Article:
Eco-ARTS Education is on the Rise

I’m really pleased to see that environmental ideas are infiltrating across the arts these days.  When I first started to research into eco-art education, I was hard-pressed to find examples of drama, dance or music educators taking up the challenge of integrating environmental literacy into the work they did.  I’m sure it likely was happening in some pockets, like in visual arts education, but it wasn’t being documented or researched perhaps at the same level.  This wasn’t due simply to a lack of professional exemplars; here in Canada we’ve had many professional musicians, like R. Murray Schafer, Bruce Cockburn and Sarah Harmer using their music to connect to nature-based learning and environmental advocacy.

This is spreading, as artists from all of the arts disciplines are more frequently contributing their unique skills to raising awareness about environmental issues in plays, dance performances, and music videos.  Here in Toronto we have the Broadleaf Theatre company that specializes in plays with environmental themes; their recent show The Chemical Valley Project tracks the deep challenges of environmental racism and colonialism in relation to Canada’s petrochemical industry.  And now there’s lots of evidence that arts educators around the world are taking up the challenge of doing this work at all levels of education.  I was happy to work with colleagues in the US and Australia on a chapter in a terrific book called Urban Environmental Education Review last year on this topic.  And I was honoured this week to address a group of educators on this topic at the NORDPLUS Horizontal Green Actions conference in Finland; they had come together from Greenland, Iceland, Denmark, Norway, and Latvia to discuss, debate, and share promising practices in this area (thanks to David Yoken for the invitation!)  Maybe we have reached a tipping point in the arts – imagine what could happen if we all applied our creativity and innovation to the greatest environmental challenges of our times?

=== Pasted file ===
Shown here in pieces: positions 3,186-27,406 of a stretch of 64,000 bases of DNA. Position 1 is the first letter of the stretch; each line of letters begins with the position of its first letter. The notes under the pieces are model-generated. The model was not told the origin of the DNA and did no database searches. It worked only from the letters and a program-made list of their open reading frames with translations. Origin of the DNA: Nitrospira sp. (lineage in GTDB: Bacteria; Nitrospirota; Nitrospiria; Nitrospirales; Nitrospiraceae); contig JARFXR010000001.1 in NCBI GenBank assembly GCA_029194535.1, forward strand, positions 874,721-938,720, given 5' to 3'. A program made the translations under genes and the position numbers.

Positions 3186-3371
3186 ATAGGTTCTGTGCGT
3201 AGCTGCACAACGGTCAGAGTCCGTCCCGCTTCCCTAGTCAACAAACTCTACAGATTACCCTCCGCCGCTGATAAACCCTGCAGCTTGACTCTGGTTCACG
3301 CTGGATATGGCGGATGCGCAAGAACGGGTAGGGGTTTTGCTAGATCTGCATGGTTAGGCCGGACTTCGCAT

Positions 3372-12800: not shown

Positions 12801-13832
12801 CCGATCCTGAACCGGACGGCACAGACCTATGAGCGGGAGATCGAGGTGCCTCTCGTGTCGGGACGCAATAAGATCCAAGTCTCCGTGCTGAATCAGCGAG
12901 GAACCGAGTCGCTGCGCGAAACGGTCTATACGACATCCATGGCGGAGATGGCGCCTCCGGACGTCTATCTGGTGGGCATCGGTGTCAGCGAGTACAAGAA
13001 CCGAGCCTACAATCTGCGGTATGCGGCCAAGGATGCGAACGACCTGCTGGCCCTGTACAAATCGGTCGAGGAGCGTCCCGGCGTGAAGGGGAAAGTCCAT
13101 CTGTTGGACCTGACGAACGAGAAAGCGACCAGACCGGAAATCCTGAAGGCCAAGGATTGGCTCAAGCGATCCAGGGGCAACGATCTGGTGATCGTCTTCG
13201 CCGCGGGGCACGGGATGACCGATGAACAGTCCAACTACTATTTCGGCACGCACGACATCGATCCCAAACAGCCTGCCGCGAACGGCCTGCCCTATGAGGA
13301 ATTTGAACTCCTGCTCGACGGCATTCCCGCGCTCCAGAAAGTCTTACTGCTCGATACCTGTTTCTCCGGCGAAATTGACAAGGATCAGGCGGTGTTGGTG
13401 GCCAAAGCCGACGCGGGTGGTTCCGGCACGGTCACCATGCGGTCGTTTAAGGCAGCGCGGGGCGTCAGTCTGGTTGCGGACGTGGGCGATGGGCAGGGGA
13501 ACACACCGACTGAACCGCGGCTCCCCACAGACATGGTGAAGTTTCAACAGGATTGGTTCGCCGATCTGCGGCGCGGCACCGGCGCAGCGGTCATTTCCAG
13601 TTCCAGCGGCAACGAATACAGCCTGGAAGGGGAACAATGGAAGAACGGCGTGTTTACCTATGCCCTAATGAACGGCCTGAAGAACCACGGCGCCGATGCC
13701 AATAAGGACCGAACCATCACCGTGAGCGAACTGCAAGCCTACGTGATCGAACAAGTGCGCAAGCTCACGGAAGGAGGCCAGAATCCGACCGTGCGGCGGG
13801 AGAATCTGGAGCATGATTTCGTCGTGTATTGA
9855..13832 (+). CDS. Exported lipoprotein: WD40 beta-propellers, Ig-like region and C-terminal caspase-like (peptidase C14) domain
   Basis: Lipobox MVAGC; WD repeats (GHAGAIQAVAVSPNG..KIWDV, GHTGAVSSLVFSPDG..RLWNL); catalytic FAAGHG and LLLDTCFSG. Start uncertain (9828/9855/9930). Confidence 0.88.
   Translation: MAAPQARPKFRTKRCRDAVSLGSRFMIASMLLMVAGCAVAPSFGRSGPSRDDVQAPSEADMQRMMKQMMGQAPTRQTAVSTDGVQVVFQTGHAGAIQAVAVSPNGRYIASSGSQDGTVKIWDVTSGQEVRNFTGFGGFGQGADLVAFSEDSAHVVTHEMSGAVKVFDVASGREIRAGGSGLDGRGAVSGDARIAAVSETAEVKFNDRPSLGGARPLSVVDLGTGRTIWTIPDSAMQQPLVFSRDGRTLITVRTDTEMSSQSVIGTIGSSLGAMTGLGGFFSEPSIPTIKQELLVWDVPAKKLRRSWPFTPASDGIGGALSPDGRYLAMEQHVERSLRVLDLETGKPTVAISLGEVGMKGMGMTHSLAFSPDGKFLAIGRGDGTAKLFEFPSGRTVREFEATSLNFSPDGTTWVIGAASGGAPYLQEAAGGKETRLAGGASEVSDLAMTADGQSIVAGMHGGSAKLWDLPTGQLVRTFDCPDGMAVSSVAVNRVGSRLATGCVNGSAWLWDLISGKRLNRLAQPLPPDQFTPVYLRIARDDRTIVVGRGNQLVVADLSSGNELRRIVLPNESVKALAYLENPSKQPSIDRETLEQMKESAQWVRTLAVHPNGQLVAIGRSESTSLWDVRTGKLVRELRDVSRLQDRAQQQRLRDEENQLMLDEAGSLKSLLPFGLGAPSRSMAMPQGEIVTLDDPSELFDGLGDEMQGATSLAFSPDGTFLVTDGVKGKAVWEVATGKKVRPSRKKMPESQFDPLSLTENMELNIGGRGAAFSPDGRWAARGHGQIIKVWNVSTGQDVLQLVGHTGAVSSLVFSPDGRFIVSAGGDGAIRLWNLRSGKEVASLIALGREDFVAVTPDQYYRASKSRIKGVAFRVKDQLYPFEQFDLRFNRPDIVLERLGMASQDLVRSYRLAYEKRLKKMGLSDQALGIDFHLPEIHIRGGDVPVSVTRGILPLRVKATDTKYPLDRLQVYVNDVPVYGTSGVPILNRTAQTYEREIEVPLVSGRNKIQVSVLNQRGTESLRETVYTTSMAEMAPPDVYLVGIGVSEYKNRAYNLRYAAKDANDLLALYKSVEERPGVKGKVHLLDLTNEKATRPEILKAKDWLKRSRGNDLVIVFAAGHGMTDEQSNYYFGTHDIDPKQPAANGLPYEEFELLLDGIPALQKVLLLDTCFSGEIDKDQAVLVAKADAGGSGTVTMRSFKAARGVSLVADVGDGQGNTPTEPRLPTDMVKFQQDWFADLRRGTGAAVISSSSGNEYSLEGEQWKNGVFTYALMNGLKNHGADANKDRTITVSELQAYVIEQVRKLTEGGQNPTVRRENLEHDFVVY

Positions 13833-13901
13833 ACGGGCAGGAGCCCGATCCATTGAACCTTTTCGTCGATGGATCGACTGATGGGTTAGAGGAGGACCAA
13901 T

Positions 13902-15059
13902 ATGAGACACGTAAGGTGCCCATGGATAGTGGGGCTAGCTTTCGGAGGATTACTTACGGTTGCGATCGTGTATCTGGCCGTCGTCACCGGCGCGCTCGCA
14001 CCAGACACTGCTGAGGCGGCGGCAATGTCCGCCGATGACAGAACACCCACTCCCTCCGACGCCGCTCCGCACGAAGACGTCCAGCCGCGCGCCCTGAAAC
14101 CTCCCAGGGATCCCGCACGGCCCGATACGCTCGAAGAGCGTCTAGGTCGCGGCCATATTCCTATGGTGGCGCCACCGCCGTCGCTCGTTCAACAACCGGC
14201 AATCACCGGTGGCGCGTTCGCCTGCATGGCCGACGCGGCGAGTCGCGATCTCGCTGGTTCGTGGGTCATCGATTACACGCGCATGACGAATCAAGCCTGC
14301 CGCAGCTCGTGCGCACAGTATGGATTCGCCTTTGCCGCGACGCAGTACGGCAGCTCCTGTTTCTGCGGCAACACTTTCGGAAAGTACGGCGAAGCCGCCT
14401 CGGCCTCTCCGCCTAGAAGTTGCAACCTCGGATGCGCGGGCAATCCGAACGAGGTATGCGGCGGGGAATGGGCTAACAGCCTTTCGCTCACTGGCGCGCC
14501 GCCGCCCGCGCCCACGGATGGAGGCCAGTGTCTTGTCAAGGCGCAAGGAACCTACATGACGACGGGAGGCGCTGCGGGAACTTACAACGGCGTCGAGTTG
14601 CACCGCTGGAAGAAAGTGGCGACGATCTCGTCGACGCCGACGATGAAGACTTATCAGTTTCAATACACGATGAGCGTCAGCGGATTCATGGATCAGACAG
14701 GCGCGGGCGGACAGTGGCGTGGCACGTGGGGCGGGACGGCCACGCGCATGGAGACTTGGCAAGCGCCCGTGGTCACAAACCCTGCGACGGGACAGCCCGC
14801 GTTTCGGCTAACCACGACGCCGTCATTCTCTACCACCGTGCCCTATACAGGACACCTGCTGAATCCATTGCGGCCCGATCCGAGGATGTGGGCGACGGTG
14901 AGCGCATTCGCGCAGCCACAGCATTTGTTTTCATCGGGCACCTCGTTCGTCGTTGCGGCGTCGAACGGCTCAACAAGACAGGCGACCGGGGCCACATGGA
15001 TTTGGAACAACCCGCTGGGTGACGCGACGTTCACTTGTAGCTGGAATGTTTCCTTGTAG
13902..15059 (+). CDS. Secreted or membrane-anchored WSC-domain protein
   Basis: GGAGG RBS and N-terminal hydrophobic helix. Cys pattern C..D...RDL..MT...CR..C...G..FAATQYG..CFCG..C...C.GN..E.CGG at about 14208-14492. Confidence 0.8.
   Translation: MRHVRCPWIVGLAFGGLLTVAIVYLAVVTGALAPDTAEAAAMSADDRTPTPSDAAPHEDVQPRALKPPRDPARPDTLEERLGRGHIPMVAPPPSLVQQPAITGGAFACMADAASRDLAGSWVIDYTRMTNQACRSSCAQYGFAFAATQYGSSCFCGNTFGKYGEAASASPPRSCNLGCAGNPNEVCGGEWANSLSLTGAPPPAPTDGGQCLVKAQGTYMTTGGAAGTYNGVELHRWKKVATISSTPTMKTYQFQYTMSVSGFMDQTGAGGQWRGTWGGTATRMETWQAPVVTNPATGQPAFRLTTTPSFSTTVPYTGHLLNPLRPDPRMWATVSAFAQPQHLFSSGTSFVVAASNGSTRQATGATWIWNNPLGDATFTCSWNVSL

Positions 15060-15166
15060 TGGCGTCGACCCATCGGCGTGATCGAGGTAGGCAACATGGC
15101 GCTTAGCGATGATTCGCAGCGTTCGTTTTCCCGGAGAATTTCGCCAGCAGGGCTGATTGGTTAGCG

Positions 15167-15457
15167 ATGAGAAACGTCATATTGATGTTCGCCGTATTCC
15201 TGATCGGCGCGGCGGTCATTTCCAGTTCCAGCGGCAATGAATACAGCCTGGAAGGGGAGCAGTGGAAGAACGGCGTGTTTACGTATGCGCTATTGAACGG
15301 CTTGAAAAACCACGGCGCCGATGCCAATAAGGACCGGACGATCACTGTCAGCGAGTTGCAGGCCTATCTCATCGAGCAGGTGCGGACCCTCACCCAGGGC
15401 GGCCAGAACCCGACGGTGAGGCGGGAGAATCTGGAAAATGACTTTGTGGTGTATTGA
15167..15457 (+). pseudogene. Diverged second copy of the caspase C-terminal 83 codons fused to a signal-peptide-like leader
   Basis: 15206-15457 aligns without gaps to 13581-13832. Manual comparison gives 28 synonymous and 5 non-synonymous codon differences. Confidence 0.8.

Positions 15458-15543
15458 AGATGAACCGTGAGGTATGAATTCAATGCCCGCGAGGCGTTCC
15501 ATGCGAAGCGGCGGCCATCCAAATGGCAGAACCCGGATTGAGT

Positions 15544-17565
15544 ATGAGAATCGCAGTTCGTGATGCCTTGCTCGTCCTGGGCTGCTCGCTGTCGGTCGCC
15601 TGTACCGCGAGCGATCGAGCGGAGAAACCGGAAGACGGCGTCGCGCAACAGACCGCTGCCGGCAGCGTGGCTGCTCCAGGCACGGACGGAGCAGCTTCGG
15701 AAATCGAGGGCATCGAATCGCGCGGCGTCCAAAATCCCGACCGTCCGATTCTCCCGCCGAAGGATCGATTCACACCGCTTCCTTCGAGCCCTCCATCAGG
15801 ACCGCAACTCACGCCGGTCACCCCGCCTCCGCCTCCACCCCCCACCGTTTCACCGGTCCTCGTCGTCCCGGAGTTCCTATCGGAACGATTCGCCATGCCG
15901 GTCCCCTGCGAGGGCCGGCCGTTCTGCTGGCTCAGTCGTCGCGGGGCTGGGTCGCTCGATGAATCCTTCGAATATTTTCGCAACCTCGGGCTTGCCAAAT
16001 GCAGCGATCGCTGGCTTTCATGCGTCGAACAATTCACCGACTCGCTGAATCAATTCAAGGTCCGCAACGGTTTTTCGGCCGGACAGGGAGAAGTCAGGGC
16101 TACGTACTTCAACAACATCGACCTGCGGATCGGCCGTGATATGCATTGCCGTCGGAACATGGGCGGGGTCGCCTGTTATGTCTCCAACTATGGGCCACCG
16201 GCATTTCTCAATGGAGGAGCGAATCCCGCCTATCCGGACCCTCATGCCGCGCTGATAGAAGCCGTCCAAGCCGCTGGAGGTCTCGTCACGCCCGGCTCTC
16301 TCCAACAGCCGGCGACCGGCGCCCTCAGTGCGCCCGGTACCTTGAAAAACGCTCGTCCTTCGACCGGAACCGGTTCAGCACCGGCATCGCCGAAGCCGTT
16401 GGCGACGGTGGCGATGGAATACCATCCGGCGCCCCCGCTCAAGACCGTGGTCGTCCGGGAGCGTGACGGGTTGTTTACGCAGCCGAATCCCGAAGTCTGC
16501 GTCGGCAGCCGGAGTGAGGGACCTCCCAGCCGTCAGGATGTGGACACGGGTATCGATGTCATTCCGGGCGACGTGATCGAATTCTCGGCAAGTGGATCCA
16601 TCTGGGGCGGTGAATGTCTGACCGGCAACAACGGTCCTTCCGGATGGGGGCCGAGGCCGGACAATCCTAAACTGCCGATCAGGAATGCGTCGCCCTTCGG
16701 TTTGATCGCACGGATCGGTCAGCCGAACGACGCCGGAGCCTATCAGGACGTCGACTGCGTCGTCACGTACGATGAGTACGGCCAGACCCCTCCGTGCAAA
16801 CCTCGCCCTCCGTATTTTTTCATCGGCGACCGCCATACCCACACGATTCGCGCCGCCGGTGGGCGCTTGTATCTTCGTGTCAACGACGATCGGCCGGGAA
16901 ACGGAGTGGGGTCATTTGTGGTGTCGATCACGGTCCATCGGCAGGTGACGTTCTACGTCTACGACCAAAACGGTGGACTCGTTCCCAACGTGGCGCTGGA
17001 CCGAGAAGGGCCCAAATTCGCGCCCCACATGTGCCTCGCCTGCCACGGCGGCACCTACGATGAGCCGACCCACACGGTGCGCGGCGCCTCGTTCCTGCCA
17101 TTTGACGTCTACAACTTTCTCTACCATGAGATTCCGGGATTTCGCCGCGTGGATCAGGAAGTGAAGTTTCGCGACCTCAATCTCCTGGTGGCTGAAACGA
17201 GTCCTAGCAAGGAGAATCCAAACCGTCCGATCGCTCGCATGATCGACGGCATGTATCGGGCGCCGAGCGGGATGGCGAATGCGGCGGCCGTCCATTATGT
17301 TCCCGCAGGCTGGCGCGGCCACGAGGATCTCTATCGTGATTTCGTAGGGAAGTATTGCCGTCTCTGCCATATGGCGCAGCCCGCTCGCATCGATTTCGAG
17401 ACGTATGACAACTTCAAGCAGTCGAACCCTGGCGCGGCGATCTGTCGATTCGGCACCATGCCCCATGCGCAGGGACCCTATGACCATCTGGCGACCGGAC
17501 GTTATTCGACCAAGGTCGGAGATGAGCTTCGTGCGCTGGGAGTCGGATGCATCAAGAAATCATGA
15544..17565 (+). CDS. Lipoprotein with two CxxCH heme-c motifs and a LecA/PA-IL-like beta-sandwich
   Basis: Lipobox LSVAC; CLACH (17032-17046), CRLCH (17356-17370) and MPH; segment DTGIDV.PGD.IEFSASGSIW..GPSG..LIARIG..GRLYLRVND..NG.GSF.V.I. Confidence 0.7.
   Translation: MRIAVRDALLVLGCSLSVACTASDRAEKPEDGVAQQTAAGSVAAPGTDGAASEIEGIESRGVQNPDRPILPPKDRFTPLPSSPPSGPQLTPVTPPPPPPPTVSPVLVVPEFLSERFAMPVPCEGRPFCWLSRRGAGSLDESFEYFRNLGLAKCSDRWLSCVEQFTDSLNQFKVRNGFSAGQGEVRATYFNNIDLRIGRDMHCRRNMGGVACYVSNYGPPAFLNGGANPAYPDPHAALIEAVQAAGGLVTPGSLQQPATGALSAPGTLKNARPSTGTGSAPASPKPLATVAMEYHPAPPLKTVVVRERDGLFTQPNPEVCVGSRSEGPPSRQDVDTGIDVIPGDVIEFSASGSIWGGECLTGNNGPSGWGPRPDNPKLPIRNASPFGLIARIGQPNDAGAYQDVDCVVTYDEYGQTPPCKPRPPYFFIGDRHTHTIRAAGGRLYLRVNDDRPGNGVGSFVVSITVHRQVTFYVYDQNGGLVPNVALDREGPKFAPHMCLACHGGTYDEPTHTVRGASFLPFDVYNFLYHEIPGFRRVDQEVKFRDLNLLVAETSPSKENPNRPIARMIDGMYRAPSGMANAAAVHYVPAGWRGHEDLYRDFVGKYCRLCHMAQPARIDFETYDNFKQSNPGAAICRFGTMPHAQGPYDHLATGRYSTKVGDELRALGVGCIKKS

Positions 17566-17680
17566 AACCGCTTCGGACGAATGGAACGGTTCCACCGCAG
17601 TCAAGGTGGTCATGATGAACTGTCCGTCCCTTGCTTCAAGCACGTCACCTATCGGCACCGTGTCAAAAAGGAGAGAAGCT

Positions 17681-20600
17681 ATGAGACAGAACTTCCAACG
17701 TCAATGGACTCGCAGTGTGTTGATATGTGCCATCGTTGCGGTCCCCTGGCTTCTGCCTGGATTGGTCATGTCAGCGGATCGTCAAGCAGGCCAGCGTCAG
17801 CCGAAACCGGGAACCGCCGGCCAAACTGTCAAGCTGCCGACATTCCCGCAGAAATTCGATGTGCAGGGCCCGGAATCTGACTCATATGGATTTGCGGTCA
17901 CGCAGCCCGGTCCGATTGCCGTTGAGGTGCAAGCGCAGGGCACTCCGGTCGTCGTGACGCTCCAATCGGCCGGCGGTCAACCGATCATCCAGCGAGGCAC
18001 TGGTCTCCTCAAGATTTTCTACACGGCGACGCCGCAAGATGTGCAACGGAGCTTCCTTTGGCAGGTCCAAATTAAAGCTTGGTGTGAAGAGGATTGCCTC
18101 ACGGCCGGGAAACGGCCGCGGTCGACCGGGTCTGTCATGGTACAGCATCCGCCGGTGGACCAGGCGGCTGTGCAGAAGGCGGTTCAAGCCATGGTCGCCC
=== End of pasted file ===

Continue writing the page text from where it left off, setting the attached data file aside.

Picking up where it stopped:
Inspired by Burning Ice

What a busy fall!  Not as much time to blog as I would have liked following my trip to the Arctic this summer, but the trip has given me lots to think about in relation to climate change and the role that artists can play in addressing it.  This was furthered by listening to a talk by Nigel Roulet in October – he is an eminent Canadian environmental scientist from McGill university who shared his belief in the power of the arts to communicate environmental ideas in moving ways, something that science hasn’t typically done well in the past.  

Perhaps the best way to magnify the communications about climate change is to take a multi-faceted approach.  The Cape Farewell project is one of the best examples of this so far; by bringing environmental scientists together with artists, musicians, writers and filmmakers, aiming to create innovative ways to reach a wider audience about the impacts of climate change.  Their interdisciplinary book, called Burning Ice: Art and Climate Change, serves as travelogue, atlas, art catalogue, and scientific documentation all in one.  Other groups have experimented with this model, including Greenpeace and 350.org, bringing scientific knowledge together with the affective and intuitive ways of knowing from the arts to create memorable and moving messaging about climate change.  The Canada C3 expedition I was on last summer is aiming to do the same.  They have a number of legacy projects on the go to share our collective experiences about climate change, reconciliation, and inclusion in the North; I’ll share these as they come available.

Reflecting on the Adventure of a Lifetime

August 25-26, 2017

Our last full day on Leg 9 of the Canada C3 expedition arrived far too quickly.  In the morning briefing we shared highlights from our two days in Gjoa Haven, and discussed what our last 24 hours on the Polar Prince would entail.  A group of us spent the morning finalizing the group artwork for the hangar; we created two images connected by text (in French, English and Inuktitut) that symbolized the collaborative adventure we had been on together, moving from traditional conceptions of the North for many, to something more personal, evocative and transformative.